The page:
This lesson of God's patience and appears also again in the Gospel. The kingdom of heaven is compared to a farmer who is confronted with a serious problem. His field is filled with both wheat and a weed called darnel which can only be distinguished from the wheat when the growth is well advanced. The farmer's servants want to root out the darnel, but, the farmer tells them to leave it alone. His worry is that, in their zeal and confusion, the servants will end up destroying the wheat as well. So he orders that both be allowed to grow - only at the final harvest when it is very obvious which is which will they be separated and then the weed which took advantage of and benefited from the care given the wheat will suffer a very different fate.
Throughout his ministry, Jesus reached out to all sorts of people: rulers and prostitutes, tax collectors and terrorists, children, widows, soldiers and lepers. Blanket condemnation of one group or another was something he refused to buy into. On the contrary, he scandalized everyone, even his closest followers at times, by making it his business to seek out those whom everybody else had written off. The Pharisees, whose name derives from the Hebrew verb to separate - "pharash", thus, the "separated ones" - the Pharisees constantly criticized him for associating with the wrong people. After all, if he was a man of God, how could he stand to be around the ungodly? Didn't he know he had to keep himself separate? But, Jesus knew, as God knows, that all communities are mixtures of people - the good, the bad, and the ugly - and, in reality, it isn't always easy to tell which is which.
We all know the story of the fellow who went to heaven and found it to be a glorious place with streets of gold and shining palaces. Then, in the distance he noticed what looked like a fortress, a dark foreboding structure surrounded by a high wall topped with barbed wire, and he asked what it was. "Oh", St. Peter, replied. "That's where the Southern Baptists live. They think they're the only ones up here."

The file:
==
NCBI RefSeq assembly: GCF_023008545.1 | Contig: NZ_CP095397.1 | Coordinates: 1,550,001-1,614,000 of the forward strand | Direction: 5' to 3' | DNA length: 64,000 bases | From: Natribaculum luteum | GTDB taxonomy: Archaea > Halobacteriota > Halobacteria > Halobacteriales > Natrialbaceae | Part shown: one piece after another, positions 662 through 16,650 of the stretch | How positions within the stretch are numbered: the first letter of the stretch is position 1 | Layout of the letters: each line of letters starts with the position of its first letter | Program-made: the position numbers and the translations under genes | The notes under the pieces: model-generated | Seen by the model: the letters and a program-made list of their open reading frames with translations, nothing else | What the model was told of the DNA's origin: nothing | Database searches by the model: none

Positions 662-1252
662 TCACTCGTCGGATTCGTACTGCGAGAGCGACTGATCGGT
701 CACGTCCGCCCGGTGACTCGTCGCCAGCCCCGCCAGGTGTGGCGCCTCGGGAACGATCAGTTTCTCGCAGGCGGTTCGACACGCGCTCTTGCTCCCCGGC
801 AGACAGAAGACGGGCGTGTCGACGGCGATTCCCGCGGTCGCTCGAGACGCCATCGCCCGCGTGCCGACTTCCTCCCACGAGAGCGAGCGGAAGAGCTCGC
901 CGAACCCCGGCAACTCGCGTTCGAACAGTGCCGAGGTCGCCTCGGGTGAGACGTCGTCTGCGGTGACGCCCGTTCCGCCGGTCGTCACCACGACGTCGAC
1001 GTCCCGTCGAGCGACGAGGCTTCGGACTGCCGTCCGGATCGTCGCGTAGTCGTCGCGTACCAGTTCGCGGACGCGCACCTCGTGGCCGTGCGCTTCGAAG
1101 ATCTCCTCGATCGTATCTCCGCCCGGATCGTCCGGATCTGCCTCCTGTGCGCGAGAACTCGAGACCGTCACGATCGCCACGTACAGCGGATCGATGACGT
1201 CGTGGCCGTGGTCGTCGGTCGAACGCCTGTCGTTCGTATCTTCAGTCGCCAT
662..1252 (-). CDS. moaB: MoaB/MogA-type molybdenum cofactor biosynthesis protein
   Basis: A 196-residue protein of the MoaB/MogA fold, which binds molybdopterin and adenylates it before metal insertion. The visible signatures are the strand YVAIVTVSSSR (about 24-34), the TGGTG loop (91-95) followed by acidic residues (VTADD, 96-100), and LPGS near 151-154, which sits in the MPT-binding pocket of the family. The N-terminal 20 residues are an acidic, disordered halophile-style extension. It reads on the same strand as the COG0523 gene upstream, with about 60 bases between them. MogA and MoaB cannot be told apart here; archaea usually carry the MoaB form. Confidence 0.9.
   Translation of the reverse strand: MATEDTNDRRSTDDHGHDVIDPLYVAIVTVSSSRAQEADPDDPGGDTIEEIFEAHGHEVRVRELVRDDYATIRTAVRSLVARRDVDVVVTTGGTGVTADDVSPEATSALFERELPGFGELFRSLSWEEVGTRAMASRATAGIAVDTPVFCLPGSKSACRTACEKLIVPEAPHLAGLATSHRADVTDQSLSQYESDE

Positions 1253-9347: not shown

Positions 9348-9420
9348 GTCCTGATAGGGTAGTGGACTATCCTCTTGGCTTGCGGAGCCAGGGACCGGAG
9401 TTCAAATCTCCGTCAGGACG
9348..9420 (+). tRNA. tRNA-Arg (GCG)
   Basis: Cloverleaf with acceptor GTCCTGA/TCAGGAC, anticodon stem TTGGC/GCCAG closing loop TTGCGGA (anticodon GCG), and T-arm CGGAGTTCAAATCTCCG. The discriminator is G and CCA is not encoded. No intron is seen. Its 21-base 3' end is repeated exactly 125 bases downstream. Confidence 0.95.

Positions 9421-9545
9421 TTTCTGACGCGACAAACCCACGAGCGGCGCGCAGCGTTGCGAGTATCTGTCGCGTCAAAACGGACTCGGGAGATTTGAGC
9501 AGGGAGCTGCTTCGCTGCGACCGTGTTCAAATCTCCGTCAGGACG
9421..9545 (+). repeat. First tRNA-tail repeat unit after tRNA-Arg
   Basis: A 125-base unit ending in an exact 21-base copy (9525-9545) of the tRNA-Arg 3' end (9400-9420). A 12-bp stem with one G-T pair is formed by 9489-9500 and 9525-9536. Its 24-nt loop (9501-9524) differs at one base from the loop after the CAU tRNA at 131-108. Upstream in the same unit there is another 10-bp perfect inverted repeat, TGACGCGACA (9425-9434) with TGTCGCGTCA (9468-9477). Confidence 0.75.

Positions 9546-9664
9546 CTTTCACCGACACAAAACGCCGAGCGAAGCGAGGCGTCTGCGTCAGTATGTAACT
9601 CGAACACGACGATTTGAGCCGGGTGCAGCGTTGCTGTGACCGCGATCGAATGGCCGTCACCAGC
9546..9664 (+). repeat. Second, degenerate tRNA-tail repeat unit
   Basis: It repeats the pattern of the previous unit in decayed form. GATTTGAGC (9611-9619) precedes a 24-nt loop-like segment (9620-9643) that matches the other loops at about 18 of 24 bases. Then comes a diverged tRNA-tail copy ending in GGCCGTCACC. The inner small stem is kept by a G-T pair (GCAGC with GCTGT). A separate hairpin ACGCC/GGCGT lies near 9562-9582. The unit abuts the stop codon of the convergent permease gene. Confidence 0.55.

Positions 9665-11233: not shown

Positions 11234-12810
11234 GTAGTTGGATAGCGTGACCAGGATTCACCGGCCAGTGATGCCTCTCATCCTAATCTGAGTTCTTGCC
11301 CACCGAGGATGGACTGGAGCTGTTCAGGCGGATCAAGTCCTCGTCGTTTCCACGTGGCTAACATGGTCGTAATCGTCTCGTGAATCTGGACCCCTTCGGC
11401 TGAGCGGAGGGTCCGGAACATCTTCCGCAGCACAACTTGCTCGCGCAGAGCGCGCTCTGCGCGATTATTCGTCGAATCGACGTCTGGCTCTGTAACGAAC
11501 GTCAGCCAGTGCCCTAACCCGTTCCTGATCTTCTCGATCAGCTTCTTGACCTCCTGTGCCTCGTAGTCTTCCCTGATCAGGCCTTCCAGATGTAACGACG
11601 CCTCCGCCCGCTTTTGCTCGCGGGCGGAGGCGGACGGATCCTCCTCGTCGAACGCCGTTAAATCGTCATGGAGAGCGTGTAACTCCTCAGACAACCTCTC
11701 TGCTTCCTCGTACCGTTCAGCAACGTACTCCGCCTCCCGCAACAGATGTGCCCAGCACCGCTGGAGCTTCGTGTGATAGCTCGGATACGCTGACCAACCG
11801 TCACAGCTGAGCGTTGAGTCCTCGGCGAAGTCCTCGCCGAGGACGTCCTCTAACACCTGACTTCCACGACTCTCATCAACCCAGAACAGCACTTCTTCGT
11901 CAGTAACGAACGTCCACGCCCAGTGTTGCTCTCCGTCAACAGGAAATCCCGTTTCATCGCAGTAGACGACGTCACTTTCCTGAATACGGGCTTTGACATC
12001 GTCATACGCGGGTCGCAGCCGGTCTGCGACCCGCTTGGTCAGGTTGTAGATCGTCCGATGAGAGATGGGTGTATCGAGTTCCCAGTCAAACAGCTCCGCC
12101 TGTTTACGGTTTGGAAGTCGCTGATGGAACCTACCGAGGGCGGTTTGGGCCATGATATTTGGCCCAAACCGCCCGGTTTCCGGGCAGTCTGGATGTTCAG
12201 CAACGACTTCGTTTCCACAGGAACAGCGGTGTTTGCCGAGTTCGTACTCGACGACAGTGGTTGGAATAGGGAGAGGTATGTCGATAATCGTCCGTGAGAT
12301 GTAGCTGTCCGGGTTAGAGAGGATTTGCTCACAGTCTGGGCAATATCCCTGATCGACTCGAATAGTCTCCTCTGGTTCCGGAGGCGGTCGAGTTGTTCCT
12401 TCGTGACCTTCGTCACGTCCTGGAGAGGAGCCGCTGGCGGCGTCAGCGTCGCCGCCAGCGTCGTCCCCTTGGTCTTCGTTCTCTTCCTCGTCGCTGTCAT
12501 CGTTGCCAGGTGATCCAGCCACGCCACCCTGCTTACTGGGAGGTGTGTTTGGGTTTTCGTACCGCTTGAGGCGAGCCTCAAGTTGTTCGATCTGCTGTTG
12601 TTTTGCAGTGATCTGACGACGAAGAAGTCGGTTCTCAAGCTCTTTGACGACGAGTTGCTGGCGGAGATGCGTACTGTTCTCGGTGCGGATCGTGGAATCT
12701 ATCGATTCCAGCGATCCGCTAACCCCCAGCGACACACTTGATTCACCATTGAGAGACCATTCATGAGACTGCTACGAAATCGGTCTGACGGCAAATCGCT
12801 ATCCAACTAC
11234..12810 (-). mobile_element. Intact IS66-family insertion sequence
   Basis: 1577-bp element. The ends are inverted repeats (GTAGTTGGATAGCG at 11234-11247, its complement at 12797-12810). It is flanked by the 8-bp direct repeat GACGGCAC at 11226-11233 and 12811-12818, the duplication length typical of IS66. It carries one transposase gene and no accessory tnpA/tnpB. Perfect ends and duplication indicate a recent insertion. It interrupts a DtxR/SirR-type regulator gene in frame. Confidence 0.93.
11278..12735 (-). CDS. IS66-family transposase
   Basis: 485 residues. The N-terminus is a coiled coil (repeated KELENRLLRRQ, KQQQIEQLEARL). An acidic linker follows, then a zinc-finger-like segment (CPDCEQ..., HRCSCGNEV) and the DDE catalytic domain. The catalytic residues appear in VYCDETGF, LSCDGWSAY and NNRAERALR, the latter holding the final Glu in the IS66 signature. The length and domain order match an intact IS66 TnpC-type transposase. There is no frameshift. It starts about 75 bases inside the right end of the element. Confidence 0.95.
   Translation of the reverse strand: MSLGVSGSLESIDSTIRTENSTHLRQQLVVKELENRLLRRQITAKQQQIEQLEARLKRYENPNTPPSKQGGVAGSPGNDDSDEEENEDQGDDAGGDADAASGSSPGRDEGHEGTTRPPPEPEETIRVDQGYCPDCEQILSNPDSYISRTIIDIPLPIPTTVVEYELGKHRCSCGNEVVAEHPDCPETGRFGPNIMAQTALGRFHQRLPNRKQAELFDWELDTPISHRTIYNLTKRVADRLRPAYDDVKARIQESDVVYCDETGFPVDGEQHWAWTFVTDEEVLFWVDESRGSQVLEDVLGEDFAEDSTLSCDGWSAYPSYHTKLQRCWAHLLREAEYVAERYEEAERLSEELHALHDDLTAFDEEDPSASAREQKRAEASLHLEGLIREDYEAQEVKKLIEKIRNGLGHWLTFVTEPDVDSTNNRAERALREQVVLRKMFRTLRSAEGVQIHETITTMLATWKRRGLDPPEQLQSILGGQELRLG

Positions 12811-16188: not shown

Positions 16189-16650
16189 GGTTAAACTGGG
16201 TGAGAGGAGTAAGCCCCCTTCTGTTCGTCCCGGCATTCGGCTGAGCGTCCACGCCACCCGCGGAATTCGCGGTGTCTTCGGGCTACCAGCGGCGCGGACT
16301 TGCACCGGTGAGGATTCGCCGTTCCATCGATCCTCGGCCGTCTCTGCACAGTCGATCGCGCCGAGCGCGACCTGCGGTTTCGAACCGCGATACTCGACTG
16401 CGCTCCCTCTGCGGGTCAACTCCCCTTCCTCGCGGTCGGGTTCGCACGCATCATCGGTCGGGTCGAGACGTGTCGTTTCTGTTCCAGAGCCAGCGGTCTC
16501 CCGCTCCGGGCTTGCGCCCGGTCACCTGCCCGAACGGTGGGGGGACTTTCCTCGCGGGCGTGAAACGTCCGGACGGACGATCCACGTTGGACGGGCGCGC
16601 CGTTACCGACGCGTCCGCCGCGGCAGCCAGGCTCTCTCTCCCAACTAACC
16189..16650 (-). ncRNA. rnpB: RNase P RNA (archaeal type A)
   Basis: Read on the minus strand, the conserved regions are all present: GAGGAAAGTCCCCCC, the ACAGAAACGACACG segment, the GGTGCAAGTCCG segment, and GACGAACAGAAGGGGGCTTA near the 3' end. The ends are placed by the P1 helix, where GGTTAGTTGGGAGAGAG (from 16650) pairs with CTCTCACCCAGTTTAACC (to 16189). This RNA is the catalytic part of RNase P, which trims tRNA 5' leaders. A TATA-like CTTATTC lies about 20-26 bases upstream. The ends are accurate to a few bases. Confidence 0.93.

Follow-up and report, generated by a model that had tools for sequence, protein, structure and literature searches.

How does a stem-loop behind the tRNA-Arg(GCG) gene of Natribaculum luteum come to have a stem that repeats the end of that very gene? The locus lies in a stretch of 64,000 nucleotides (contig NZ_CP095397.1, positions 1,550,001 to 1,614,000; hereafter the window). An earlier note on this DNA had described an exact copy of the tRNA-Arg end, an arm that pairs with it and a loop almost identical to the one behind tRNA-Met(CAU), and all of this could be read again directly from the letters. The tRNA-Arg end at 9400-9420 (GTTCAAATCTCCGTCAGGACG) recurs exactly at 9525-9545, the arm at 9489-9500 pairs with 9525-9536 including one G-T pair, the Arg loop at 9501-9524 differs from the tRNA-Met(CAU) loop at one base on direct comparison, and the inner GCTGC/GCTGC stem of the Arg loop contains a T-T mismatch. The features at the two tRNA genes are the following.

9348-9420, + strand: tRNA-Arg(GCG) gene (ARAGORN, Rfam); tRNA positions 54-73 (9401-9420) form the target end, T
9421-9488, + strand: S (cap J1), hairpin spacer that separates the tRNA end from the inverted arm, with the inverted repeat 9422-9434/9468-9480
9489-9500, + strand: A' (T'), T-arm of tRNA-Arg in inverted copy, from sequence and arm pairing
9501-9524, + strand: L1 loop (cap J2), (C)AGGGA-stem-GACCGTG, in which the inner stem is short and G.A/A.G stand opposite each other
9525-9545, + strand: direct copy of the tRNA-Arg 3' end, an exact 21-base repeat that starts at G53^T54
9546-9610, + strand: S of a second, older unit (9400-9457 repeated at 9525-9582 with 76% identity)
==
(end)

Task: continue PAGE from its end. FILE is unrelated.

St. Paul makes the same point in his first letter to the Corinthians when he says "There must be no passing of premature judgement. Leave that until the Lord comes." Note, however, that did not stop him from condemning individual behaviour that he found harmful or offensive. Indeed, he had a lot to say to the Corinthians about their need to shape up. And we need to remember Jesus said to Mary Magdalene, "Go and sin no more" - not, Be more discreet next time. The point is that God has standards and his patience is giving us the gift of time to discover those and see how they benefit us.
St. Paul knew first hand that we can be terribly wrong about people. After all, Paul himself got it terribly wrong about Jesus when, as a good Pharisee, he went around zealously hounding Christians, putting them in prison or even putting them to death. We don't realize this today, but, his reputation was so bad, that, after he converted, a lot of Christians didn't believe he was for real. So, Paul knew first-hand the up-hill struggle of overcoming the judgment that people had pronounced upon him.
The message of the parable still challenges us today. Man is not God. And it is not our business to pronounce the final judgment on anyone. Yes, there will be a Judgment Day and that is something we can and should let people know. But, the good hope of which Isaiah spoke is that there can be life changes before that day comes and the existence of that hope should never be denied - least of all by followers of Jesus.
So, we may give thanks that God is so generous with all those bad and ugly people. It means there's a chance for us, um, good ones, as well.
In the Name…